Why Hawaii's Poké is taking London by storm - Spear's Magazine
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Why Hawaii’s Poké is taking London by storm

Why Hawaii’s Poké is taking London by storm

Protein-packed Poké is everything a buzzing city needs for lunch, and it seems to be the only food Londoners are after in 2016, writes Zak Smith.

From Mayfair financiers to Soho creatives, imported from the sweeping coastline of Hawaii via trendy pop-up joints in Los Angeles, the only food Londoners are eating right now is Poké.

Food fads are no new thing, the proliferation of Peruvian restaurants over the past few years within the West End a testament to how trends can shape the culinary life of the capital. Now, it is Poké’s turn, with this diminutive, protein-packed explosion of colour in a plastic bowl popping up all over London.

Born on the shores of Hawaii, Poké, which literally translates in Hawaiian as 'sliced and diced' is cubed, raw fish (usually tuna) on a bed of rice, lavished in a soy-based marinade. Comparable to Japanese sashimi or Peruvian ceviche, the dish is ubiquitous in Hawaii, like hamburgers are in America. The ultimate ‘everyman’ dish, it’s as easy to find in upmarket eateries in Honolulu as it is to enjoy at a beach shack after a hard day's surfing.

Hawaiian food, like the country’s culture, is a veritable melting pot of tastes, styles and heritages. With Japanese, Filipino, Mexican, Pacific and American influences, and with Poké now travelling all across the globe, the bowl reflects the dish's adventures.

Despite it’s culinary similarities with sashimi and ceviche, Poké is it’s own dish, and has exploded in popularity for a number of reasons.

Firstly, it’s incredible healthy, jam-packed with protein and omega oils from the raw fish. The black rice used has antioxidants, the vegetables mixed in on top full of vitamins and natural goodness, and overall, there is very little wrong with it.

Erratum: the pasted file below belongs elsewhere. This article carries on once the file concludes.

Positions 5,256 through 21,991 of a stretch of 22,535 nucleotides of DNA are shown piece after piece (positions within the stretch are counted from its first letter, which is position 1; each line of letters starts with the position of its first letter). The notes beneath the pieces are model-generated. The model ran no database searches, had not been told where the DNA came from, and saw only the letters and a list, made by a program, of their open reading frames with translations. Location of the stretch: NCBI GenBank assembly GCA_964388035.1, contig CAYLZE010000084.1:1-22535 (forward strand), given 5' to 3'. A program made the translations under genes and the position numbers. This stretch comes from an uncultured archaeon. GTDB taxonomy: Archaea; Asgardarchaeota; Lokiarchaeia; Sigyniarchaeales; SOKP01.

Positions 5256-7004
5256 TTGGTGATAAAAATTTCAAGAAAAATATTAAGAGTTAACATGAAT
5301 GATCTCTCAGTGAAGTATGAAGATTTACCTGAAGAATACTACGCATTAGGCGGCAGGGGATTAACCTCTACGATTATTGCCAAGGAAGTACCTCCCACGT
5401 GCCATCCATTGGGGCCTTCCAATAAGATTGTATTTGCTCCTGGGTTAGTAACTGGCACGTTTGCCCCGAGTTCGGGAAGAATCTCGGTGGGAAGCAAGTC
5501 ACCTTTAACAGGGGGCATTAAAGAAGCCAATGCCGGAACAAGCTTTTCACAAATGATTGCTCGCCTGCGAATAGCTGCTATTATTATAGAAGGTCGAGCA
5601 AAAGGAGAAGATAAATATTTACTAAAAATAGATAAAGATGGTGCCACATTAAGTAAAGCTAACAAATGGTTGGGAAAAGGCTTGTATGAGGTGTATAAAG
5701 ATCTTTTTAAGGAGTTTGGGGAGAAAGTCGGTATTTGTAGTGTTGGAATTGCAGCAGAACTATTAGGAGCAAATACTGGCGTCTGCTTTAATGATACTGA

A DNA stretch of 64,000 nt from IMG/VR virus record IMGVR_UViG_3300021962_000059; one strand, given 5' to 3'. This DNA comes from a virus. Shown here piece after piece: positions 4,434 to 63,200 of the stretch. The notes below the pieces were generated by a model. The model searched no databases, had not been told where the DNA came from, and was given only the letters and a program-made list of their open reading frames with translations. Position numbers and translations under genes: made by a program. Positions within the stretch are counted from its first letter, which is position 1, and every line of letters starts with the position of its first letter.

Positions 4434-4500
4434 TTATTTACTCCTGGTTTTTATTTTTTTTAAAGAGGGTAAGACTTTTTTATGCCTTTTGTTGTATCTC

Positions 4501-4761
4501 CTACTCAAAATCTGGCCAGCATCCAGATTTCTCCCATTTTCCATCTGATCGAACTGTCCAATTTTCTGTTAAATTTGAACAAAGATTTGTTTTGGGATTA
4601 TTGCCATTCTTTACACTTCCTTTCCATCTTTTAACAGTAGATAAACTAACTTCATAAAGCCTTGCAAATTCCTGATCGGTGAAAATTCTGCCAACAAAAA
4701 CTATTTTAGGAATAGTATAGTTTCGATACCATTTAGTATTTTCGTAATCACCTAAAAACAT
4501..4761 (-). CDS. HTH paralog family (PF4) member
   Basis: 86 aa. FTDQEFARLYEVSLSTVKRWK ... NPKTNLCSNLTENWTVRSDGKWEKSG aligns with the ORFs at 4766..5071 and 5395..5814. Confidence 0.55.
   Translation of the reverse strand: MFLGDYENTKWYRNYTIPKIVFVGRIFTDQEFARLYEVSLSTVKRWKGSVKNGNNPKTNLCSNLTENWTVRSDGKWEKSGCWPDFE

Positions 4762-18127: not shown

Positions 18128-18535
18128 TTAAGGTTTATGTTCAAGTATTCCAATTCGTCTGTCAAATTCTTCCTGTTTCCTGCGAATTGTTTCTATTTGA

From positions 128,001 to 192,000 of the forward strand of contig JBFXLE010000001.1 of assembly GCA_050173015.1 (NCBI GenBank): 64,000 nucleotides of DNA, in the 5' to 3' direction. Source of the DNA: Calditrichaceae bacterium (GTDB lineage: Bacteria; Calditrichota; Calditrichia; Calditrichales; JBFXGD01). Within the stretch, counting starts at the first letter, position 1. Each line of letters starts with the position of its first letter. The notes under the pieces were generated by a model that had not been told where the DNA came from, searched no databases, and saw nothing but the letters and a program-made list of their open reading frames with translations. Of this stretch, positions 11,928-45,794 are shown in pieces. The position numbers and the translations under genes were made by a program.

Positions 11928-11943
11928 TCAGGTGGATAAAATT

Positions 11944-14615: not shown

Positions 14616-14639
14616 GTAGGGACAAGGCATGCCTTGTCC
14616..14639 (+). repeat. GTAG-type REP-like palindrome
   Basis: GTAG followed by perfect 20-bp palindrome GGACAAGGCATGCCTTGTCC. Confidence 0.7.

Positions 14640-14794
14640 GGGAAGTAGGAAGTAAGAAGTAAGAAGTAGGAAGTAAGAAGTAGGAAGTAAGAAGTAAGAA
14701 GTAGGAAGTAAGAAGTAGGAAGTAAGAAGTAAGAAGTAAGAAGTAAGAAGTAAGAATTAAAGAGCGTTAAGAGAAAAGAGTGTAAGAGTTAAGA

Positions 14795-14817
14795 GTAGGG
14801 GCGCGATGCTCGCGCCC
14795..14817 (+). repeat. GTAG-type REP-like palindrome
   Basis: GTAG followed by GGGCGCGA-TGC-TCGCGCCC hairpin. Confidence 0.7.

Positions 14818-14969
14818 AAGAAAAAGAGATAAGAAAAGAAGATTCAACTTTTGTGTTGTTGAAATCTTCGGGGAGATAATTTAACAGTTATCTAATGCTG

Despite the fact that Poké started to gain traction in Los Angeles with the health bloggers and foodie fad fiends, one of the reasons why it has hit the ground running in the likes of New York and London is because it fits a lunchtime niche between quick salad bowls and either larger (more expensive) sushi trays or carb-filled burritos (think 2013).

With so many customisation options, Poké bowls are personal, healthy, light and easy. Picking from salmon, sea bream, tuna or octopus, with a bed of quinoa or black rice, topped with Asian-inspired greens, zesty dressings and colourful condiments, the bowls are just pure fun, and in London, there are now plenty of options.

For the healthy lunch crowd, Ahi Poké in Fitzrovia is a great all-day spot, uncluttered and traditional in it’s take on Poké. It's Heat Wave option, with salmon, kimchee cucumber and spicy mayo is a popular choice, all from the guys behind North Audley Canteen. When it comes to more of a song and dance, Black Roe, in the heart of Mayfair, has Poké covered. The ‘Black Roe’, with Ahi Tuna and Yellowtail, flavoured with spicy yuzu salsa, is fantastic, a burst of flavour that doesn’t explode the waistline.

With new variations and restaurants popping up weekly in London, there has never been a better time to enjoy Hawaii’s favourite export of 2016: Poké.



 

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